I would like to thank Myriad Editions for a copy of Me You and The Sea to read and review and to Emma Dowson for inviting My Bookish Blogpsot to take part in the blogtour.
About the author
Elizabeth Haynes is a former police intelligence analyst who lives in Norfolk with her husband and son. Her first novel, Into the Darkest Corner, was Amazon’s Best Book of the Year 2011 and a New York Times bestseller. Now published in 37 countries, it was originally written as part of National Novel Writing Month (NaNoWriMo), an online challenge to write a 50,000 word novel in the month of November.
Based on the true scandal that rocked the court of James I, A Net for Small Fishes is the most gripping novel you’ll read this year: an exhilarating dive into the pitch-dark waters of the Jacobean court
Frances Howard has beauty and a powerful family – and is the most unhappy creature in the world.
Anne Turner has wit and talent – but no stage on which to display them. Little stands between her and the abyss of destitution.
When these two very different women meet in the strangest of circumstances, a powerful friendship is sparked. Frankie sweeps Anne into a world of splendour that exceeds all she imagined: a Court whose foreign king is a stranger to his own subjects; where ancient families fight for power, and where the sovereign’s favourite may rise and rise – so long as he remains in favour.
With the marriage of their talents, Anne and Frankie enter this extravagant, savage hunting ground, seeking a little happiness for themselves. But as they gain notice, they also gain enemies; what began as a search for love and safety leads to desperate acts that could cost them everything.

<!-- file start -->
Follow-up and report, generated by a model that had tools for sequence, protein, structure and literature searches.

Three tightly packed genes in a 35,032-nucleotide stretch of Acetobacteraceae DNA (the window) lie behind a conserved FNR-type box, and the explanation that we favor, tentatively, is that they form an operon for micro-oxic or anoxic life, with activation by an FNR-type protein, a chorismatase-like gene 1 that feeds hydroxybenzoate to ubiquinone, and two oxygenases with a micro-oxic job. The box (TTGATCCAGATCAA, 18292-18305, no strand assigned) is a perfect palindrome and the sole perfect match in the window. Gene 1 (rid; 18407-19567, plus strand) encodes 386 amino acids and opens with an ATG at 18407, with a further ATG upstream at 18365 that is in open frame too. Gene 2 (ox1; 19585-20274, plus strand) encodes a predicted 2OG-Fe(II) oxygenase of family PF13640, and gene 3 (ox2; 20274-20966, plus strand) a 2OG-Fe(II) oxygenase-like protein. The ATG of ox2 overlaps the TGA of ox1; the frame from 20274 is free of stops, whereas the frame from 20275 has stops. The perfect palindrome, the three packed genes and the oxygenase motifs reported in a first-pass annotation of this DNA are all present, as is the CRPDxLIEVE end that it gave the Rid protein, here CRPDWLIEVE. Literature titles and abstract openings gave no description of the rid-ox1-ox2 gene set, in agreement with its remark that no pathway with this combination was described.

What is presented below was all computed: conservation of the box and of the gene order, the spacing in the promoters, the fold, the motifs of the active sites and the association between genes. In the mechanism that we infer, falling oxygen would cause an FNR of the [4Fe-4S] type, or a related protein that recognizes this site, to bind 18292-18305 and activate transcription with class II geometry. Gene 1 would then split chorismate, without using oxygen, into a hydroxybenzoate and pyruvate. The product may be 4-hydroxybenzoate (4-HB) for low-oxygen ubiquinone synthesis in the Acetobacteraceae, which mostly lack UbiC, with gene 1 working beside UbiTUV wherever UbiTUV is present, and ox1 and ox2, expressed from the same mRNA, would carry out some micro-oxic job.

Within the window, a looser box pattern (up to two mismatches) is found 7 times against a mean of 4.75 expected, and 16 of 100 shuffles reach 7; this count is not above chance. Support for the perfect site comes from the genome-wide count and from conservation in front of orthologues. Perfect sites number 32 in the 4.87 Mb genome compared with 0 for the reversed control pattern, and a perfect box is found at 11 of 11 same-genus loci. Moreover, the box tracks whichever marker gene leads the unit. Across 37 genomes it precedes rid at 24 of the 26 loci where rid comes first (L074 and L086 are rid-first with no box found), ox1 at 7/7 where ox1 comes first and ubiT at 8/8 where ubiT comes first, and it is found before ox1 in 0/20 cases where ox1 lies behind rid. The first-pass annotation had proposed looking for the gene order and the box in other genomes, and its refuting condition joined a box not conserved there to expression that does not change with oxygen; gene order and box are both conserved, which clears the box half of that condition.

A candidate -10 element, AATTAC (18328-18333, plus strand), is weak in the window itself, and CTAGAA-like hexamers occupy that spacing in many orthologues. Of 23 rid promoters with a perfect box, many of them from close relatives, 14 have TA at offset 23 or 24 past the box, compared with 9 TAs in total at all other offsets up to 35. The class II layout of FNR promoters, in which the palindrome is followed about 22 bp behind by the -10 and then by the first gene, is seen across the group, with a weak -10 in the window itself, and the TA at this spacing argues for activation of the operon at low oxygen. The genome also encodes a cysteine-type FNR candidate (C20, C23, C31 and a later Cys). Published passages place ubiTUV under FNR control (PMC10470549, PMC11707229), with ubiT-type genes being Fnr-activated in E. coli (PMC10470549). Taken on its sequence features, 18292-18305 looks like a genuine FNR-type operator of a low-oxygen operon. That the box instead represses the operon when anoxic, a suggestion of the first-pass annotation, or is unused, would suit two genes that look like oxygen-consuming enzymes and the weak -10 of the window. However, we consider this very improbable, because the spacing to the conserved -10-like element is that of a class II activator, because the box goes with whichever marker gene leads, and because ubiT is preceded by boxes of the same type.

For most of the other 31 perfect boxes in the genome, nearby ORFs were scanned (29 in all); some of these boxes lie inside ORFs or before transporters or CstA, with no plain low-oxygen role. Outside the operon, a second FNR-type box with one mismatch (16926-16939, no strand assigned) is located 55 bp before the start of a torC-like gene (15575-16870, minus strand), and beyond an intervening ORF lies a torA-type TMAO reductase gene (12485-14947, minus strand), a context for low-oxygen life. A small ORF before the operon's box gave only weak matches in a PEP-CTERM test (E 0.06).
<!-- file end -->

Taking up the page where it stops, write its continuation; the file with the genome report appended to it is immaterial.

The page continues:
Prepare to be transported to 17th Century England and the outer fringes of the court of King James, in the company of two remarkable women, Anne and Frances.
Who were they? Apparently they did exist and the novel is based on extensive research by Jago into their lives. From completely opposite ends of the social spectrum, Anne and Frances were women before their time as they challenged the natural order of society, a woman’s total dependence on men for a home, finances and indeed their reputation.
Anne, wife of a well respected physician, mother to 5 children, a secret lover but an amazing talent as a fashion connoisseur, the 17th century equivalent to today’s best stylists. Not for her the trappings of wealth, but a modest house, and finances that barely covered her living expenses. Yet Jago gave her warmth, a loving caring personality, an acceptance of her lot until she glimpsed something more comfortable and easy.
That something seemed a possibility as she met Frances, Earl of Essex, a woman so far removed from Anne, still a teenager, married to a cruel despicable man, a man unable to consummate the marriage, a man Frances longed to free herself from.
You wouldn’t have expected them to be friends, but then that joint longing to seek freedom, gave Jago the means to spin a tail of drama, intrigue, of meetings with suspicious 17th century quacks, whose potions promised things you knew would never materialise.
What started as a simple means to bend the will of man, to solve a problem soon became something more complex and spelt danger for Anne and Frances, danger that they were willing to take. Jago took them and us deeper and deeper into the politics of the King’s court, of the clash of religion over happiness, of arranged marriages to strengthen the power of families.
As the plan appeared to work, they experienced a time of great happiness before Jago slowly drew the curtains, as doom seemed to push them further and further towards desperate measures that had the most awful of consequences.